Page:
Club for Growth Has an Eye on Alaska
Leaders of the anti-tax, business-friendly Club for Growth like to demonstrate their independence from the Republican Party. Their recent moves — such as commissioning a new poll that purports to demonstrate the vulnerability of two GOP incumbents in Alaska — suggest they are preparing to poke Republican officials in the eye yet again.
But the conservative group also could stymie Democrats’ hopes of capitalizing on the widening federal probe of political corruption in Alaska that has touched both Sen. Ted Stevens (R) and Rep. Don Young (R).
In a July 18 news release, the club slammed Stevens and Young as “two of the Congress’ most notorious porkers, often threatening other lawmakers while they waste taxpayer dollars.” The release accompanied the results of a voter survey commissioned by the Club for Growth Political Action Committee.
“Like the rest of the country, Alaska taxpayers are fed up with runaway spending, wasteful projects, and the corruption that they can breed,” Club for Growth President Pat Toomey said in the statement. “Defending his pork career in 2001, Stevens told National Public Radio: ‘I am guilty of asking the Senate for pork and proud of the Senate for giving it to me.
“Clearly, the sentiment isn’t shared by Republican primary voters back home,” he said.
The now-infamous “Bridge to Nowhere” championed by Stevens has become the cause célèbre for politicians of all stripes who want Congress to cut back on earmarks.
The Basswood Research poll revealed that 66 percent of GOP voters disapproved of Stevens’ proposal to spend $223 million to build a bridge from Ketchikan to sparsely populated Gravina Island.
Basswood surveyed 300 likely Republican primary voters July 14-15. The survey had a 5.66-point margin of error.
But Club for Growth officials are not ready to say they will help finance a primary challenge to Stevens or Young.
“Right now we’re just looking at the races,” club spokeswoman Nachama Soloveichik said when asked if the group has Republican challengers ready for either veteran lawmaker. “Don Young and Ted Stevens have horrendous records and, obviously, it would be nice if we could replace them with real economic conservatives.
“But at this point we are just keeping our eyes and ears open,” Soloveichik said.
A spokeswoman for the National Republican Senatorial Committee rejected the idea that Stevens faces any risk to his re-election. “We look forward to working with Sen. Stevens over the next election to ensure that he can continue his fight for the people of Alaska long after his re-election next November,” the spokeswoman said.
At least seven Republicans reportedly are mulling bids. Former Lt. Gov. Loren Leman is on the list, as is former state Senate President Mike Miller, who challenged Sen. Lisa Murkowski (R) for the GOP nod when she sought a full term in 2004.
As governor, former Sen. Frank Murkowski appointed her to finish his Senate term after he won the governorship in 2002.
Former state Sen. John Binkley, state Speaker John Harris and state Sen. Sean Parnell also are said to be in the mix.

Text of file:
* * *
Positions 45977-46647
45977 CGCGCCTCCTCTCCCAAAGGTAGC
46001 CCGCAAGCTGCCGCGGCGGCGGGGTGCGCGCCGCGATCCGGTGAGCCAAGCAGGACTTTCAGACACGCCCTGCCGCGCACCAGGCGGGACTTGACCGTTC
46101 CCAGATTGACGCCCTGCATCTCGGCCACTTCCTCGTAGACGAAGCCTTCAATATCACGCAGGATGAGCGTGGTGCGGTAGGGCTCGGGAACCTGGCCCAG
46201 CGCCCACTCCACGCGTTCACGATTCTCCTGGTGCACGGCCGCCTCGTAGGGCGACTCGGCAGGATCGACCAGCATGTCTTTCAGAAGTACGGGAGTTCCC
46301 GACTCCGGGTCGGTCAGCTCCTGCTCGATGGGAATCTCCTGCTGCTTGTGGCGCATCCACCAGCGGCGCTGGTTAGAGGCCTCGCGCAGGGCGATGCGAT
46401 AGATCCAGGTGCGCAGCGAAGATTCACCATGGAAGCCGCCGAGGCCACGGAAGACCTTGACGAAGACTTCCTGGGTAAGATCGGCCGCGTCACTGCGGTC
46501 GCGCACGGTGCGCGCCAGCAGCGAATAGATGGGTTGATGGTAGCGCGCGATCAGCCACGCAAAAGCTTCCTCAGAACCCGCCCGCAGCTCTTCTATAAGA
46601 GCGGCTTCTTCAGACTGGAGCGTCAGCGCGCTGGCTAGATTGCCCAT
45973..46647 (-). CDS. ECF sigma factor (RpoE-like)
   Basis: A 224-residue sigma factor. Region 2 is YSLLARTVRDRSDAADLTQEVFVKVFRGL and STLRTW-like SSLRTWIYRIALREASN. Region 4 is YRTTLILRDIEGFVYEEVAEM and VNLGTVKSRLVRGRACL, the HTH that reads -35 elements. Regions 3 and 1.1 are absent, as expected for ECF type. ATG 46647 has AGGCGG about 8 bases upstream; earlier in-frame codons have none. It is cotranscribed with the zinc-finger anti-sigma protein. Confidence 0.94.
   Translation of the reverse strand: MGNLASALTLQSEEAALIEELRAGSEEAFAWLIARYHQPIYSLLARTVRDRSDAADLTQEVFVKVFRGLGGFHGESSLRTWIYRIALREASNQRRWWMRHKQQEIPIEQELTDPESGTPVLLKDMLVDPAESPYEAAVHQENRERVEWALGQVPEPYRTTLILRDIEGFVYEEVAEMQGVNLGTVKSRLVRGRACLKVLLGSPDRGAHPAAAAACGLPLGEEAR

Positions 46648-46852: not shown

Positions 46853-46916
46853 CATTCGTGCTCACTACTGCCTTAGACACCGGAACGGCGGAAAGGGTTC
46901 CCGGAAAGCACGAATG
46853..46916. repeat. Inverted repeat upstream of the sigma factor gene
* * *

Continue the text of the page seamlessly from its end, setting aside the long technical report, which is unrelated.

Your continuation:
The Democratic Senatorial Campaign Committee and the Democratic Congressional Campaign Committee are wooing Anchorage Mayor Mark Begich and former state House Minority Leader Ethan Berkowitz, respectively, to take on Stevens and Young.
“Republicans and Democrats [no longer] look at it in different ways; across the board Alaskans are tired of Stevens’ and Young’s runaway spending, wasteful projects and corruption,” DCCC spokesman Fernando Cuevas asserted.
Just a year ago it was unimaginable that any Democrat could dislodge Stevens, the Senate’s longest-serving Republican, or Young, who has held the state’s lone House seat since 1973, just after Begich’s father, the late Rep. Nick Begich (D), died in office.
But that was before the growing investigation began in September.
The FBI told Stevens to maintain records relating to Alaska-based VECO Corp., an oil services company, and a federal grand jury convened to scrutinize whether VECO officials were improperly involved in a remodeling project at Stevens’ home in the resort town of Girdwood, Alaska.
And VECO founder Bill Allen and another former company official admitted they bribed state lawmakers. Allen is a personal friend and major supporter of both Stevens and Young.
While Cuevas and DSCC spokesman Matt Miller maintain the Club for Growth’s possible involvement spells trouble for Republicans, Alaskan politics are just unpredictable enough to turn such conventional wisdom on its head.
Seeking a second term for governor, Frank Murkowski got walloped in last year’s GOP primary by former Wasilla Mayor Sarah Palin (R), who has been vocal about corruption within the state party.
After knocking off Murkowski, she took 48 percent of the vote in the general election to defeat former Gov. Tony Knowles (D).
“It’s a clear sign that Ted Stevens’ problems are growing when even Republicans in the state are dissatisfied with him,” Miller said. “Primary challenges are never good for incumbents, nor for the party that holds the seat.”
National Republican Congressional Committee spokeswoman Julie Shutley said she sees no cause for concern about the House seat.
“Our position is still that Don Young has been a strong and independent voice for Alaskans,” she said. “He has fought for them and been a good representative.”
Another possible wrinkle for Young is NRCC Chairman Tom Cole’s (Okla.) pledge to not financially back incumbents who face serious Republican opposition.
“Of course, in a general election we’ll be as helpful as we can be,” Shutley said.
Young’s campaign manager did not return a request for comment about the club poll by press time.
Stevens’ office declined to comment.